The Poisonwood Bible

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The Poisonwood Bible Everyone in the world has someone that they want to grow up and be just like them in every way, and in the Poisonwood Bible by Barbara Kingsolver, the reader views a young girl named Leah Price who is devoting her life to being just like her father. As a young girl, she absolutely adores everything about her father while trying to be his favorite; she follows him around doing everything he does until he makes them move across the world to a city named Kilanga in the deep Congo. Throughout the novel, Leah begins to change her viewpoints about her father as his decisions put their family in danger. The geography, culture, and the physical presence of others all contribute to Leah’s complex character and help shape her…show more content…
She learns that doing things to please herself instead of her father makes her feel more accomplished and have that sense of worthiness that her father wasn’t giving her. Kingsolver uses these factors to get the audience to see the change in Leah’s views and beliefs as the book goes on and as she grows up into a woman. Her relationship with her father is a lot like her relationship with God because she talks to both of them and neither of them ever respond directly to her. She feels unwanted and like a distraction to her father’s main purpose in life, which is to save people through the word of God. Her surroundings in the Congo begin to shape her morals and psychological beliefs that push her away from not only her father, but God as well. This is why Leah is such a complex character because she moves away from Nathan’s footsteps and pushes for her own independence through the three factors of geography, culture, and the physical…show more content…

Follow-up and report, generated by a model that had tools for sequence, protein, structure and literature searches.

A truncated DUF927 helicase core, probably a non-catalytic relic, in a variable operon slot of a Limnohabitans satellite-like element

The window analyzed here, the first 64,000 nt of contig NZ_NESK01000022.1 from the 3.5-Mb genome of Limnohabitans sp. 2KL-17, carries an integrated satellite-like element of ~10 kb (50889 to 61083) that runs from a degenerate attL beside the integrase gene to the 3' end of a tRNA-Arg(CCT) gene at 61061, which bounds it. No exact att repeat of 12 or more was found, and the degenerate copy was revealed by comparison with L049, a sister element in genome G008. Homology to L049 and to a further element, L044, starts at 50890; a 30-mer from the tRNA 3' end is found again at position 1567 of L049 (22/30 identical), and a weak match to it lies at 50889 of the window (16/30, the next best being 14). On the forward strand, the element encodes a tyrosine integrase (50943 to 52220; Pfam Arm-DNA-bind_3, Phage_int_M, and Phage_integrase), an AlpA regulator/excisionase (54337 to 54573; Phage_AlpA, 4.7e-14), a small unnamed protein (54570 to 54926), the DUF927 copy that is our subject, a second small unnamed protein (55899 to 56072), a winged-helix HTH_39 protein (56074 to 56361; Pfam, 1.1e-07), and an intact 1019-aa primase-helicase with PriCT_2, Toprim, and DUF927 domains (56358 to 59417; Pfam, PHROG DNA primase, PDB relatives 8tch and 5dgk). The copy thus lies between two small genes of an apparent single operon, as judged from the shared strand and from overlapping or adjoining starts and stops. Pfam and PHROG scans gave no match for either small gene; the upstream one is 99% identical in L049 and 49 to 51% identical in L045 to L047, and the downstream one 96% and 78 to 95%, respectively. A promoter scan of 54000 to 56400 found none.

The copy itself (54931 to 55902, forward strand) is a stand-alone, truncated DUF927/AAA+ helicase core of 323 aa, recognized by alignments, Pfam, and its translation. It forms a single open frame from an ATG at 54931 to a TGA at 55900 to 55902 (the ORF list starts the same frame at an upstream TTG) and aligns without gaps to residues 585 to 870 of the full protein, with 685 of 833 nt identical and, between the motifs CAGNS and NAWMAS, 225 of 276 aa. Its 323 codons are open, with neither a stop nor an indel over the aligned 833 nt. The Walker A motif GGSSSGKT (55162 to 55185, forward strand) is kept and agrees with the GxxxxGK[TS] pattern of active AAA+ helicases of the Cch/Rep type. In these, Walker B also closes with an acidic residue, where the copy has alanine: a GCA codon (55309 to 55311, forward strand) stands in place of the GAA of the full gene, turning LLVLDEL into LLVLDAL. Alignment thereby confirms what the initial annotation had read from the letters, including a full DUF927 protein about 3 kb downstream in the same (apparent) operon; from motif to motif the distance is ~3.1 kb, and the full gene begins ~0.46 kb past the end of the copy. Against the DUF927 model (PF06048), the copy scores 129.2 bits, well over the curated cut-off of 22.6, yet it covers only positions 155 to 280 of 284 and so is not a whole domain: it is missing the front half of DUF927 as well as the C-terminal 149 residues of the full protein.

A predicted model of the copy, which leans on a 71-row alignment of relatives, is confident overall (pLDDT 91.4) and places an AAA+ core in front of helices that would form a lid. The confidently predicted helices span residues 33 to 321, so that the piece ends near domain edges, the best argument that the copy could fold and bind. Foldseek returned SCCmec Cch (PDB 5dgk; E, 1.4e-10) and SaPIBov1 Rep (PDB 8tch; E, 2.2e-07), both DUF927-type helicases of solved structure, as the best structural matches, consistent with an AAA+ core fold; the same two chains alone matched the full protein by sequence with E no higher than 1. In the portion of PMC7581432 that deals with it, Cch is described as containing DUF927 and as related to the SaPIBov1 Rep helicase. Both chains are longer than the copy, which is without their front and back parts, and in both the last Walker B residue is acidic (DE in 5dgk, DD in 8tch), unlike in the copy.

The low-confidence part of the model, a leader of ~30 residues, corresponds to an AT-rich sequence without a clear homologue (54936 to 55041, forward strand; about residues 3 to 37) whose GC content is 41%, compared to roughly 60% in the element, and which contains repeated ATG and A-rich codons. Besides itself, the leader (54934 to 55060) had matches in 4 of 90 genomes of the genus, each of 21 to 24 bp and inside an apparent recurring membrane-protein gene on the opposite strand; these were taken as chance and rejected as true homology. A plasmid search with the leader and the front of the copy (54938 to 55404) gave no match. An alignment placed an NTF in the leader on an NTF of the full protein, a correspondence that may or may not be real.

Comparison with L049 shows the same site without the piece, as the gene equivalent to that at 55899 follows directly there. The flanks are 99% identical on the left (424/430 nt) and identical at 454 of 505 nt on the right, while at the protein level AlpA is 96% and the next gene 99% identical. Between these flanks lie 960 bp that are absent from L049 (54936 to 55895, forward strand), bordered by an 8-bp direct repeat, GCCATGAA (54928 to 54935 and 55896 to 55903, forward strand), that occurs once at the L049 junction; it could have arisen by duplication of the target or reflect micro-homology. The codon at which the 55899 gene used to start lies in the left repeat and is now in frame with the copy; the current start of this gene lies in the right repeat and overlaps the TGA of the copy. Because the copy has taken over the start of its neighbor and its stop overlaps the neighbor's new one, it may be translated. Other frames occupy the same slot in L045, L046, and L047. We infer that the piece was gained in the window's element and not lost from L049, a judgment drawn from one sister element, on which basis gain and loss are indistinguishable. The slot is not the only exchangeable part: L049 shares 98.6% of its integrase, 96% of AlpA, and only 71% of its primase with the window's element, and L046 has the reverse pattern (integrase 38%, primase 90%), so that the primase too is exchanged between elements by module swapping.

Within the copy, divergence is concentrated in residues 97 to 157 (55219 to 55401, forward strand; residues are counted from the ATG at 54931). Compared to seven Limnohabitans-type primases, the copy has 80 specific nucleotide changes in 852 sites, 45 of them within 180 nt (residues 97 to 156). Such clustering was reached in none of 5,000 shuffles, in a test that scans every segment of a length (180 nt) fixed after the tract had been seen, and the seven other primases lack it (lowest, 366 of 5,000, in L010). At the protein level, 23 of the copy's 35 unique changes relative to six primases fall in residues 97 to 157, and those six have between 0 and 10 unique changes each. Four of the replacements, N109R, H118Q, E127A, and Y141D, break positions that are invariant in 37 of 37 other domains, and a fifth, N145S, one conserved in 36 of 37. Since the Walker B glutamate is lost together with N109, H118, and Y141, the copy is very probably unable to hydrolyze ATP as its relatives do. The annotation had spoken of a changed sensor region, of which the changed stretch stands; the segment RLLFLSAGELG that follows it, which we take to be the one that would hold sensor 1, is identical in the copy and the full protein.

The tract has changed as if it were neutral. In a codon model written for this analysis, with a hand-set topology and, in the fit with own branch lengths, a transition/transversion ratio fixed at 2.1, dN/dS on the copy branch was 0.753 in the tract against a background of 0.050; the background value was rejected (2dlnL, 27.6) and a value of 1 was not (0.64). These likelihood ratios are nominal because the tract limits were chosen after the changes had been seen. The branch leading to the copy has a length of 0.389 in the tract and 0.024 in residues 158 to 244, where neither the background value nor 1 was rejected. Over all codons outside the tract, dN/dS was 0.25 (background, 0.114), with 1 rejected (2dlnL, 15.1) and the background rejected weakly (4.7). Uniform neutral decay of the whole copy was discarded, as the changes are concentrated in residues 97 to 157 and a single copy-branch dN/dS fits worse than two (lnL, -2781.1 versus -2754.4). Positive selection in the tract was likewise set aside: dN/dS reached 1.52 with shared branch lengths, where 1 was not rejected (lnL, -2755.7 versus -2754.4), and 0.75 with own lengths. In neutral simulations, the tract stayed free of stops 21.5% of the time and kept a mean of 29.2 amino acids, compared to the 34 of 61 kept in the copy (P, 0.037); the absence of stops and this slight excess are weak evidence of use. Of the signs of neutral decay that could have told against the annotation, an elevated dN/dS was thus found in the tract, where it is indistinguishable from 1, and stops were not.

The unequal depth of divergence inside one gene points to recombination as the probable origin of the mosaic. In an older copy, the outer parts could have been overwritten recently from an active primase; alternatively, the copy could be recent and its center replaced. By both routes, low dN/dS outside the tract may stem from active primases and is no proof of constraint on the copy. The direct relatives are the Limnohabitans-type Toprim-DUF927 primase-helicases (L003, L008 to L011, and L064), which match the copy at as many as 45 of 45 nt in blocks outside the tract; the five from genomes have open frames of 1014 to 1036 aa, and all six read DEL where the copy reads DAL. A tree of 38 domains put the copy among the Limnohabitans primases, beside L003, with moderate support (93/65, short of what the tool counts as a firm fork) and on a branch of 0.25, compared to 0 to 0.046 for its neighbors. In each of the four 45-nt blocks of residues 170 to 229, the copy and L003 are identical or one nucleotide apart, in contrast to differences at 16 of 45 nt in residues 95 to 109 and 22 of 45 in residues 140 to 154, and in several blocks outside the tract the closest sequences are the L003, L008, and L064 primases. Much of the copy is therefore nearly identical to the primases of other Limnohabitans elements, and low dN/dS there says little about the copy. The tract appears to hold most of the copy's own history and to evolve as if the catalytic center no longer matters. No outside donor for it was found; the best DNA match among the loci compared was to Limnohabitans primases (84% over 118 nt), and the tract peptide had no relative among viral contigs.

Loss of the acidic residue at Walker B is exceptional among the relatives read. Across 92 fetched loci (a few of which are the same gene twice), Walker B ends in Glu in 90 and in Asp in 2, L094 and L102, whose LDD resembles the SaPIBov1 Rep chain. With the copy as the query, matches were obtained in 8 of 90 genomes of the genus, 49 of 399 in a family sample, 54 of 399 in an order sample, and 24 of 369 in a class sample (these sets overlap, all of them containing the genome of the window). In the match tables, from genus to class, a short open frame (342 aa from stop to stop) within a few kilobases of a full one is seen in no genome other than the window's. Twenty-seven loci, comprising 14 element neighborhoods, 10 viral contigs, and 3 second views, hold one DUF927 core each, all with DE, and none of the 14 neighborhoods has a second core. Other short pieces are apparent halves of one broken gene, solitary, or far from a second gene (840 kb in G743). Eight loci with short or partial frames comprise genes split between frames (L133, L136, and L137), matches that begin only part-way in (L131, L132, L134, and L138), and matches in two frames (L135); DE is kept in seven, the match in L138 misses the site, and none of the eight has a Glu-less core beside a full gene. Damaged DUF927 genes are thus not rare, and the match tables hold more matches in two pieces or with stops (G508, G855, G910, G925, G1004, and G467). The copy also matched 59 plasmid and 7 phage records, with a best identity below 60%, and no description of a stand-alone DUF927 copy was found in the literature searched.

As the Price family arrives in the Congo and they aren’t arriving to a nice paved airport or security, but they are arriving on a dirt airfield and the whole Kilanga community is waiting there ready to greet them. Although the Congo doesn’t have the supermarkets, paved roads, or running water; according to The Scramble for Africa by Mike Kubic, it is producing mass amounts of “African diamonds, precious metals, copper, cotton, palm oil, tin and other products were also in high demand in the increasingly prosperous, turn-of-the century Europe.” These products were in high demand from outside nations. All of these nations are competing for the Congo because of these precious gems causing political uproar. While the family is settling into their new diamond filled dirt home Leah and her father go out to plant a garden using the same techniques as they would on American soil, but no this ground is different and Mama Tataba( the Price family’s helper ) tells them this is wrong. Mata

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